Monday, March 27, 2017


Wake up and smell the working-class blue-collar heartland populism:
President Trump plans to unveil a new White House office on Monday with sweeping authority to overhaul the federal bureaucracy and fulfill key campaign promises ... by harvesting ideas from the business world and, potentially, privatizing some government functions.

The White House Office of American Innovation, to be led by Jared Kushner, the president’s son-in-law and senior adviser, will operate as its own nimble power center within the West Wing and will report directly to Trump. Viewed internally as a SWAT team of strategic consultants, the office will be staffed by former business executives....

The innovation office has a particular focus on technology and data, and it is working with such titans as Apple chief executive Tim Cook, Microsoft founder Bill Gates, Salesforce chief executive Marc Benioff and Tesla founder and chief executive Elon Musk. The group has already hosted sessions with more than 100 such leaders and government officials.

... Benioff [said], “I’m hopeful that Jared will be collaborative with our industry in moving this forward. When I talk to him, he does remind me of a lot of the young, scrappy entrepreneurs that I invest in in their 30s.”
Strategic consultants! Silicon Valley ties! Jared Kushner as "scrappy entrepreneur" who'd be worthy of venture capital! I can feel the dirt under my fingernails already. Donald Trump really is a blue-collar billionaire!

Seriously, folks -- if an announcement like this had been made by President Hillary Clinton, even if it didn't involve her daughter or her daughter's husband, can you imagine the contempt with which it would have been met, especially by liberals who chide the Democratic Party for abandoning the heartland? It would have been said that after a populist election, in which the two candidates who energized voters were Trump and Bernie Sanders, the president was turning to technocrats to solve America's problems. Waving their well-thumbed copies of Hillbilly Elegy, the pundits would have said that President Clinton had completely misunderstood the message voters were sending in 2016 -- they'd say she was turning to the same bubble-dwelling coastal elitist meritocrats who'd gotten us into this mess and driven the white working class to a state of despair and widespread drug addiction. They'd say that especially if her office was doing this:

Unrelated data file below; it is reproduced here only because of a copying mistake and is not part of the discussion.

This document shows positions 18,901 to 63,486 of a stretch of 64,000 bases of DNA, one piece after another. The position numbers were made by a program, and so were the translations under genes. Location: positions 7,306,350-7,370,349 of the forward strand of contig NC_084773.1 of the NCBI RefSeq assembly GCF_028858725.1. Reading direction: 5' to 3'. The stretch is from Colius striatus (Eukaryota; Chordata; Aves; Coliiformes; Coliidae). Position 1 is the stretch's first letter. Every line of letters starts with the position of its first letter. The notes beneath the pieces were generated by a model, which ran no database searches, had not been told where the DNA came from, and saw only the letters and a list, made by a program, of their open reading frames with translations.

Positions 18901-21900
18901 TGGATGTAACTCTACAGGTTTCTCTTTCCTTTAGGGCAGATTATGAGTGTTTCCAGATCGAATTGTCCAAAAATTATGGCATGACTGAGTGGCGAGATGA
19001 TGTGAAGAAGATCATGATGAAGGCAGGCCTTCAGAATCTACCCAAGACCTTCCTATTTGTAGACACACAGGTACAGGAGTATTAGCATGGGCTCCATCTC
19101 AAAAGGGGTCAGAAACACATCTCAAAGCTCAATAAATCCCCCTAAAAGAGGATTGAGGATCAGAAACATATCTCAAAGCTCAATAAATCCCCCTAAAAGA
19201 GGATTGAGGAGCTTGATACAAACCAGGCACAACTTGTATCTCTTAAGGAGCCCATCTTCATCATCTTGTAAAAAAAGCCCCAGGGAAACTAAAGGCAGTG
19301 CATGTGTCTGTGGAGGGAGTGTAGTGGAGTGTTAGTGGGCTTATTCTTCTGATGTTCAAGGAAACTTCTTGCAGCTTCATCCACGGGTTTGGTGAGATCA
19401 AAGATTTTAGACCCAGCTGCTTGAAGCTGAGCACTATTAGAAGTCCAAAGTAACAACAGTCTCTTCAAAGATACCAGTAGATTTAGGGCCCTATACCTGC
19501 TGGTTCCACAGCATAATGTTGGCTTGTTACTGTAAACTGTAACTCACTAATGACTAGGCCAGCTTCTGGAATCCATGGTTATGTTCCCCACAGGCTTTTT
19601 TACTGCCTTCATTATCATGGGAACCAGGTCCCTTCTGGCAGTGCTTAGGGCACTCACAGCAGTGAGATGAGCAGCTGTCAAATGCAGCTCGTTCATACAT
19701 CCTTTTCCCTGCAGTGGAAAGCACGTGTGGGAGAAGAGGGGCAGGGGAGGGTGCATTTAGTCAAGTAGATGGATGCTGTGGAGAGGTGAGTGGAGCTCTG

The office will also focus on combating opioid abuse, a regular emphasis for Trump on the campaign trail.
But we won't hear many pundits say that America needs hope for the less well off, not "disruption" of government functioning. Maybe a few will say that a pampered scion who vacations in Aspen might not be the best choice to deal with the opioid problem in white working-class communities. (We're also told that Kushner will be working with "an official drug commission devoted to the problem that will be chaired by New Jersey Gov. Chris Christie," even though the two hate each other. Yeah, that should end well.)

The rest of the team really seems rooted to the soil:
Kushner proudly notes that most of the members of his team have little-to-no political experience, hailing instead from the world of business. They include Gary Cohn, director of the National Economic Council; Chris Liddell, assistant to the president for strategic initiatives; Reed Cordish, assistant to the president for intergovernmental and technology initiatives; Dina Powell, senior counselor to the president for economic initiatives and deputy national security adviser; and Andrew Bremberg, director of the Domestic Policy Council.

Ivanka Trump ... will collaborate with the innovation office on issues such as workforce development but will not have an official role, aides said.

Powell, a former Goldman Sachs executive who spent a decade at the firm managing public-private job creation programs, also boasts a government pedigree as a veteran of George W. Bush’s White House and State Department. Bremberg also worked in the Bush administration. But others are political neophytes.

Liddell, who speaks with an accent from his native New Zealand, served as chief financial officer for General Motors, Microsoft and International Paper, as well as in Hollywood for William Morris Endeavor.

... Like Kushner, Cordish is the scion of a real estate family — a Baltimore-based conglomerate known for developing casinos and shopping malls. And Cohn, a Democrat who has recently amassed significant clout in the White House, is the hard-charging former president of Goldman Sachs.
Wake me when the populism starts.

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